Byline: David Martosko, SPECIAL TO THE WASHINGTON TIMES
Last week the world celebrated an historic medical research milestone, the 50th anniversary of the polio vaccine. But Hollywood glitterati - including Alec Baldwin, Noah Wyle and Emmylou Harris - dishonored that life-saving moment by celebrating another milestone - the 20th birthday of the Physicians Committee for Responsible Medicine (PCRM). This is an organization which opposes the very research that made the polio breakthrough possible.
In 1949, Science magazine explained to readers that animals (including mice, oxen and rhesus monkeys) were needed in every phase of polio research. Polio researcher and Nobel laureate Frederick Robbins later wrote that "all we learned about the disease came from studies with animals." And Albert Sabin, the biomedical research veteran who developed the oral polio vaccine, wrote in 1992 that animal experiments "were necessary to solve many problems before an oral polio-virus vaccine could become a reality."
Mainstream medical professionals understand that today's animal-research models are crucial to finding tomorrow's cures. The American Foundation for AIDS Research funds these tests. So do the Pediatric AIDS Foundation, the Alzheimer's Association, the March of Dimes, the American Red Cross, the Muscular Dystrophy Association, the Susan G. Komen Breast Cancer Foundation (Race for the Cure), the American Lung Association, the National Kidney Foundation, and on and on.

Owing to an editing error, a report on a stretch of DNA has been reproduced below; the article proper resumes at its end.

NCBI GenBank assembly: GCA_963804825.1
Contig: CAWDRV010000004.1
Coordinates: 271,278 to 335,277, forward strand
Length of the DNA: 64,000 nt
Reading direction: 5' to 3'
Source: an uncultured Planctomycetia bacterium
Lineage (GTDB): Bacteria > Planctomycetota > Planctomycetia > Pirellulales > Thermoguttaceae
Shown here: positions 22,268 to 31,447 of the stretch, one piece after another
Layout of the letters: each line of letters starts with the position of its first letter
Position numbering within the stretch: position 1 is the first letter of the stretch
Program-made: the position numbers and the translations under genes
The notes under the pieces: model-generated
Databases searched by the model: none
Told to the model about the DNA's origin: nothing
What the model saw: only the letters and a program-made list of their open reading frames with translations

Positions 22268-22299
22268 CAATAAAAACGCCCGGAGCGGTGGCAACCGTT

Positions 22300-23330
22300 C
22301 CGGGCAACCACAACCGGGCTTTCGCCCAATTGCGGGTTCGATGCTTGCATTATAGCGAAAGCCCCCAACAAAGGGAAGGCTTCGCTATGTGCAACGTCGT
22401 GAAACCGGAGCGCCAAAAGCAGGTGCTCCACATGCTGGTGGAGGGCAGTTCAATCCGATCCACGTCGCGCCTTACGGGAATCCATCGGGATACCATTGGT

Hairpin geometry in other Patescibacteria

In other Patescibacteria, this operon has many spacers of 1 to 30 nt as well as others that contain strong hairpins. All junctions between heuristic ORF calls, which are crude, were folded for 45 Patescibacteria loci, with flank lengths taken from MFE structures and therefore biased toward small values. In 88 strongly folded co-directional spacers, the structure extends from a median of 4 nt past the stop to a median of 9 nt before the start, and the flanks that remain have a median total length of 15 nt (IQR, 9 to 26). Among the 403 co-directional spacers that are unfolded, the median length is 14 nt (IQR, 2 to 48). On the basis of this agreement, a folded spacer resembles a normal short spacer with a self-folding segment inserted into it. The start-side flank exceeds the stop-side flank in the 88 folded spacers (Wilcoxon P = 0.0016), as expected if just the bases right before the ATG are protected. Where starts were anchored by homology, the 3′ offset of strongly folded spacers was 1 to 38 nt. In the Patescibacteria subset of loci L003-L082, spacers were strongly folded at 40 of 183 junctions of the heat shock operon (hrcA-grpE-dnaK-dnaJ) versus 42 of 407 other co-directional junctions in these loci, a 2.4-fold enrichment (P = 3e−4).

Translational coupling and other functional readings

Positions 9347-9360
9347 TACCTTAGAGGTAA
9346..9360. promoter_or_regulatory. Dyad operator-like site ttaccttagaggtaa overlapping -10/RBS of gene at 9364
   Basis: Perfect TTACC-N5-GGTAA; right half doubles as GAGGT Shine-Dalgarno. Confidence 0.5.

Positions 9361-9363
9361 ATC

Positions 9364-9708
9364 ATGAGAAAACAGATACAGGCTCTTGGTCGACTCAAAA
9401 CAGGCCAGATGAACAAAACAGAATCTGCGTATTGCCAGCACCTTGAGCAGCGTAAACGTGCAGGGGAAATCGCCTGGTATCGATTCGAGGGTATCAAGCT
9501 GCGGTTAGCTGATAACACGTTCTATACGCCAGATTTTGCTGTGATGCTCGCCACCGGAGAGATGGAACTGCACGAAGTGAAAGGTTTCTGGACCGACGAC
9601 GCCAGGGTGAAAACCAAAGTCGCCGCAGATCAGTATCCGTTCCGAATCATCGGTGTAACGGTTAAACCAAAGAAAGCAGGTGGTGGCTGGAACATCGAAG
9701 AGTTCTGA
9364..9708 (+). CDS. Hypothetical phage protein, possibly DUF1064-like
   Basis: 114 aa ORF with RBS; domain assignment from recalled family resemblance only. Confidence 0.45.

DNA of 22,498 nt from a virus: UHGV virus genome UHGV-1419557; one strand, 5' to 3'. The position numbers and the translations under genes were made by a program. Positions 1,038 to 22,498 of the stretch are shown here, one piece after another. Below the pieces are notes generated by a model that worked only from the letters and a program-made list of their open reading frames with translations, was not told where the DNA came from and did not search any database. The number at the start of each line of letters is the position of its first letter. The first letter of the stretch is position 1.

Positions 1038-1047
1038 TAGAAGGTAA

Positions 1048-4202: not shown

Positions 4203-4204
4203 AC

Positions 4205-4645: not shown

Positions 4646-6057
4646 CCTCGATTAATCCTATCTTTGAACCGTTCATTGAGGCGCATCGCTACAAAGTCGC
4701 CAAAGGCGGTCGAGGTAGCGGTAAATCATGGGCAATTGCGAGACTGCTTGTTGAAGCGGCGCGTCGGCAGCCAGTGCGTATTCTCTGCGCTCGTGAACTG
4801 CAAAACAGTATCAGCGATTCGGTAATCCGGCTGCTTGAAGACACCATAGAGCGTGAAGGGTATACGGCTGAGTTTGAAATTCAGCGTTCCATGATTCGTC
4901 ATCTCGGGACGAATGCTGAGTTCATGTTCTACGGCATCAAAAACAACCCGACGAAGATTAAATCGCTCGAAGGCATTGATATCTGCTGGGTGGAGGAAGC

PCRM advises the public to withhold donations from all of these charities, and nearly 100 others. In order for humans to live, some animals must die. But this group has decided such a trade-off just isn't worthwhile.
Taking this position requires willful blindness. Researchers whose work called for the use of animals have received 69 Nobel Prizes in physiology and medicine. One of these awards went to the scientist who laid the foundation for everything we understand about mad cow disease.
Animal research has led to vaccines for rabies, smallpox, rubella, measles and anthrax. Insulin diabetics owe their quality of life to animal models - which also brought us heart bypasses, organ transplants and the minimally invasive surgical techniques we now take for granted.
Throw it all out, says the Physicians Committee. These advocates of "responsible" medicine view research like this as "unnecessary."
If this anti-science position sounds familiar, it should. People for the Ethical Treatment of Animals (PETA) - those protest-happy lunatics who believe your life is worth no more than that of a cow or a chicken - have a sympathetic take on nearly every message PCRM promotes, including a "do not donate" policy …